This year the Genesee Country Village & Museum held their annual Yuletide Open House over three weekends in December, with full COVID precautions in place to ensure the safety of all in attendance. FOG was asked to play a series of 30-45 minute sets of traditional holiday music each weekend, consistent with the zeitgeist of the Village’s history. Musicians were limited to small groups, with either a trio or quartet playing at the Brooks Grove Church, and a duo playing at the Freight House Pub. Performers and audience were socially distanced and all required to wear masks. Despite the rules, the Open House was well attended and musicians and audience alike had a great time.
The volunteers musicians found the means and time to pull together set lists and rehearse over the Fall. Fortunately we were able to take advantage of the unseasonably warm weather in October and November to rehearse outdoors or in garages where social distancing could be practiced. Christmas music is not part of FOG’s normal repertoire, but as the songs of the 18th to early 20th century had their roots in hymns and folk tunes of the time, they dovetailed nicely with our organization’s creed.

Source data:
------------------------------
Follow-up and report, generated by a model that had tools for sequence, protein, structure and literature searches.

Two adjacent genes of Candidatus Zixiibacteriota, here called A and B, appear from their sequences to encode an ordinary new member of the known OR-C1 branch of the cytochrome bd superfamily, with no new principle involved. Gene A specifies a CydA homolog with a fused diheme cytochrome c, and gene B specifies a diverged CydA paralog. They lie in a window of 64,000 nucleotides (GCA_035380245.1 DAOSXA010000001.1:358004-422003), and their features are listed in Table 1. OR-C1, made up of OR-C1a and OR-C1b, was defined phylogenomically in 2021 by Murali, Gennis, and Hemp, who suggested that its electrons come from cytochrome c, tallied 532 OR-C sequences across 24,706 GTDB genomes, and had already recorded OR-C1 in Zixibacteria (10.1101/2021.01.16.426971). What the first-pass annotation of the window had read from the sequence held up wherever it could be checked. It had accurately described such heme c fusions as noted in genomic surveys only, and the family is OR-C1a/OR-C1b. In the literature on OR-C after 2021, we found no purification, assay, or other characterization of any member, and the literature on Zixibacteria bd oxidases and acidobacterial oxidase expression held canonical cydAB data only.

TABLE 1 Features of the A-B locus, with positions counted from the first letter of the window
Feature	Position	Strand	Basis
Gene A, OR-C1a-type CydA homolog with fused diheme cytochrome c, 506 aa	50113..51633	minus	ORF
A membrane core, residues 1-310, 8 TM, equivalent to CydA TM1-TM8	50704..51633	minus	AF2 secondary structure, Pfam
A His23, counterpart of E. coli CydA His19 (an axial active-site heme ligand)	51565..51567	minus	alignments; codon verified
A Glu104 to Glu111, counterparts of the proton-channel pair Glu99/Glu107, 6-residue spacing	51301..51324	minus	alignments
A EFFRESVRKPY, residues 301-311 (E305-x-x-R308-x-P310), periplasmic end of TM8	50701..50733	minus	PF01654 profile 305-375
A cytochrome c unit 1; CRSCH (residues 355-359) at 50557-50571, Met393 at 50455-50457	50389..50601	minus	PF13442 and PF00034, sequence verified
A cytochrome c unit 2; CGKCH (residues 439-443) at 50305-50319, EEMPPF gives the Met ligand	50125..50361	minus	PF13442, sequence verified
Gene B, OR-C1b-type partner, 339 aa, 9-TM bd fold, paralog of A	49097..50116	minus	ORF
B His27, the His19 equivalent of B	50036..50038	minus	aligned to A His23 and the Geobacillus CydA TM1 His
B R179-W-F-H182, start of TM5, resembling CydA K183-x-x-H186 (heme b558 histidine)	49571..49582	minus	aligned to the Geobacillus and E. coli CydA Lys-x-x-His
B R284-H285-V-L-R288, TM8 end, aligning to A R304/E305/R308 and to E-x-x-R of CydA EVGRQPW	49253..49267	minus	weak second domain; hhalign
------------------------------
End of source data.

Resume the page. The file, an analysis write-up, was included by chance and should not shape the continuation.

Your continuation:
Below is an audio playlist recorded of some of the performances for your listening pleasure. Thank you again to all that volunteered and contributed
Originally Published April 1995 Contributed by: Ben Ford
In my last article I talked about the dominant seventh chord and its strong tendency to move back to the root or tonic chord. This 5-1 motion (down a fifth, or up a fourth) is so important to all types of Western music, that I thought we ought to look at the big picture.
It just so happens that if you start at any note, and go down a fifth (or up a fourth) to the next note, and continue to move down a fifth or up a fourth, eventually you get right back to where you started from! For example, if you start on a C, you would move through a sequence of notes like this:
C F Bb/A# Eb/D# Ab/G# Db/C# Gb/F# B E A D G C
Why this sequence occurs is a topic for a dissertation in Physics and Math. What matters to us is that we can use the Circle of Fifths to figure out the chords to many tunes.